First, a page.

MARZ: an algorithm to combinatorially analyze gapped n-mer models of transcription factor binding.
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A number of computational approaches have been developed to examine these interactions, including simple mononucleotide and dinucleotide position weight matrix models.Here we develop a novel, unbiased computational algorithm, MARZ, that systematically analyzes all possible gapped matrices across a fixed number of nucleotides.Our results indicate that in many cases gapped matrix models can outperform traditional models, but that the relative strength of the binding sites considered in the analysis can profoundly influence the predictive ability of specific models.
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PubMed Central - PubMed
Affiliation: Department of Computer Science, Harvey Mudd College, 301 Platt Boulevard, Claremont CA, 91711, USA. rzellers@hmc.edu.
ABSTRACT
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Background: A key challenge in understanding the molecular mechanisms that control gene regulation is the characterization of the specificity with which transcription factor proteins bind to specific DNA sequences. A number of computational approaches have been developed to examine these interactions, including simple mononucleotide and dinucleotide position weight matrix models. Results: Here we develop a novel, unbiased computational algorithm, MARZ, that systematically analyzes all possible gapped matrices across a fixed number of nucleotides. In addition, to evaluate the ability of these matrix models to predict in vivo binding sites, we utilize a new scoring system and, in combination with established scoring methods and statistical analysis, test the performance of 32 different gapped matrices on the well characterized HUNCHBACK transcription factor in Drosophila. Conclusions: Our results indicate that in many cases gapped matrix models can outperform traditional models, but that the relative strength of the binding sites considered in the analysis can profoundly influence the predictive ability of specific models. Related in: MedlinePlus |
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Mentions: First, convert the type ID to binary. Then convert the binary representation to a string of k’s and m’s representing the nucleotides considered in that particular model by replacing each zero with a k and each one with an m. Any leading k’s are omitted, as the leading nucleotide must be included, and an m is inserted on the right hand side, as the terminal nucleotide is always included. Table 1 lists all of the type IDs and Figure 2 gives a graphical illustration of the matrix construction and sequence interpretation for the mononucleotide model m and the more complex gapped n-mer model mkkkkm.Figure 2 |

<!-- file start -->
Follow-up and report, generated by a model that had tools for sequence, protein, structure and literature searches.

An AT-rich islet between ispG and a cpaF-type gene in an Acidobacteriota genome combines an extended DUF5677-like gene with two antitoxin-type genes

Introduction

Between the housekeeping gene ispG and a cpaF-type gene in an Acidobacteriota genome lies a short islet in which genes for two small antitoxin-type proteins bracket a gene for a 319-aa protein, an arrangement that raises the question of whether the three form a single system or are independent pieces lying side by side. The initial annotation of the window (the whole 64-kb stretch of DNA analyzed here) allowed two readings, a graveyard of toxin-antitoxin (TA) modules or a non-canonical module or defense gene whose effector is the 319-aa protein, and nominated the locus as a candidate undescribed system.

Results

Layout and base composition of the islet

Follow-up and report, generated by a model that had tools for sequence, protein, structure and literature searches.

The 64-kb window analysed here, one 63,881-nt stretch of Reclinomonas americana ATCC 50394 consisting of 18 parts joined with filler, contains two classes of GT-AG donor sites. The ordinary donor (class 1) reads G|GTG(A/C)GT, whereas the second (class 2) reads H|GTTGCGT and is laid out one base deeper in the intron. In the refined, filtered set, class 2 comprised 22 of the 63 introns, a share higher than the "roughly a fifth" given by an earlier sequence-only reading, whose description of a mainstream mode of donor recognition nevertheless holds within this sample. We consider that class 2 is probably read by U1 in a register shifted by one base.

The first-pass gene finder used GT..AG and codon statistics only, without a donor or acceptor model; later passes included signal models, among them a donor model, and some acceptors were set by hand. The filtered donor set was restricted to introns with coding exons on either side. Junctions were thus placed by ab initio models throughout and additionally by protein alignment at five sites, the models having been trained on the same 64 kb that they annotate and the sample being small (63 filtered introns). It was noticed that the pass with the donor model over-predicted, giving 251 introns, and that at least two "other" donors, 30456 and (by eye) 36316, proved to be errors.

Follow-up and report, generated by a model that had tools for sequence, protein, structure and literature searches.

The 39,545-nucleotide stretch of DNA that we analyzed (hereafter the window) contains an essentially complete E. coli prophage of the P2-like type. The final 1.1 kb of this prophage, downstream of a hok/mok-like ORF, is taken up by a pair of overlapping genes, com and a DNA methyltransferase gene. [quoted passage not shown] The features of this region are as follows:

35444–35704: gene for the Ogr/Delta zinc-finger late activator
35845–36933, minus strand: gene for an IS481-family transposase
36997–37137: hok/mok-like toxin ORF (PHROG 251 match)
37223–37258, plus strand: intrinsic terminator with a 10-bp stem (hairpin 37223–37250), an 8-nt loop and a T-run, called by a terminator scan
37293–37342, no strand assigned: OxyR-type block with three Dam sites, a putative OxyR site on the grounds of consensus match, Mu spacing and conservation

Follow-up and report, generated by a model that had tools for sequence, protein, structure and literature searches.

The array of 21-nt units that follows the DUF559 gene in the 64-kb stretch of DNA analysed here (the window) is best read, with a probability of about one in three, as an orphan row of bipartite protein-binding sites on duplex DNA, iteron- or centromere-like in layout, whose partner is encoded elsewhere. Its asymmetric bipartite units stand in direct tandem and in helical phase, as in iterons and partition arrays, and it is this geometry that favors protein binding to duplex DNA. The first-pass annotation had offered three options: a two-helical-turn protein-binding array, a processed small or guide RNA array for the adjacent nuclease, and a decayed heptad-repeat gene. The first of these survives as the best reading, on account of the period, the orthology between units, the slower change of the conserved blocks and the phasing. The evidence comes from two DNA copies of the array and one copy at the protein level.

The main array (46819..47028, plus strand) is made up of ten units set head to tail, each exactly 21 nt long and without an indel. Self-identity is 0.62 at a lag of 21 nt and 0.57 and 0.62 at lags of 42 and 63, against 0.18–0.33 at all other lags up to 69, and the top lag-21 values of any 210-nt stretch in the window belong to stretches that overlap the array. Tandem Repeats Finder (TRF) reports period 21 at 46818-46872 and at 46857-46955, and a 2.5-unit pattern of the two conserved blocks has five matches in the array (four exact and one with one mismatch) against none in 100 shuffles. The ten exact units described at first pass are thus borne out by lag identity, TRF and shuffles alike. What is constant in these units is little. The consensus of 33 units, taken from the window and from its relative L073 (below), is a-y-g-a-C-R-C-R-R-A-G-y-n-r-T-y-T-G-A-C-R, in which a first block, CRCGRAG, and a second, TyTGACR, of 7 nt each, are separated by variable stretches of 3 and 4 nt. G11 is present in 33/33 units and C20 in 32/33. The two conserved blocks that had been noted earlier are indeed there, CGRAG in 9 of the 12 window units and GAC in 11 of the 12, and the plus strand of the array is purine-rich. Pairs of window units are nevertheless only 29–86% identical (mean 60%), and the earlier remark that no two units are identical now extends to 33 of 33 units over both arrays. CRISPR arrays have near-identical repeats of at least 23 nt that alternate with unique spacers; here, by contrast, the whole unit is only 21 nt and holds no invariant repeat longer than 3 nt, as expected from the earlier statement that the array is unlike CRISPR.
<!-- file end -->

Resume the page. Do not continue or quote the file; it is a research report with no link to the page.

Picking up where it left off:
View Article: PubMed Central - PubMed
Affiliation: Department of Computer Science, Harvey Mudd College, 301 Platt Boulevard, Claremont CA, 91711, USA. rzellers@hmc.edu.
Background: A key challenge in understanding the molecular mechanisms that control gene regulation is the characterization of the specificity with which transcription factor proteins bind to specific DNA sequences. A number of computational approaches have been developed to examine these interactions, including simple mononucleotide and dinucleotide position weight matrix models.
Results: Here we develop a novel, unbiased computational algorithm, MARZ, that systematically analyzes all possible gapped matrices across a fixed number of nucleotides. In addition, to evaluate the ability of these matrix models to predict in vivo binding sites, we utilize a new scoring system and, in combination with established scoring methods and statistical analysis, test the performance of 32 different gapped matrices on the well characterized HUNCHBACK transcription factor in Drosophila.
Conclusions: Our results indicate that in many cases gapped matrix models can outperform traditional models, but that the relative strength of the binding sites considered in the analysis can profoundly influence the predictive ability of specific models.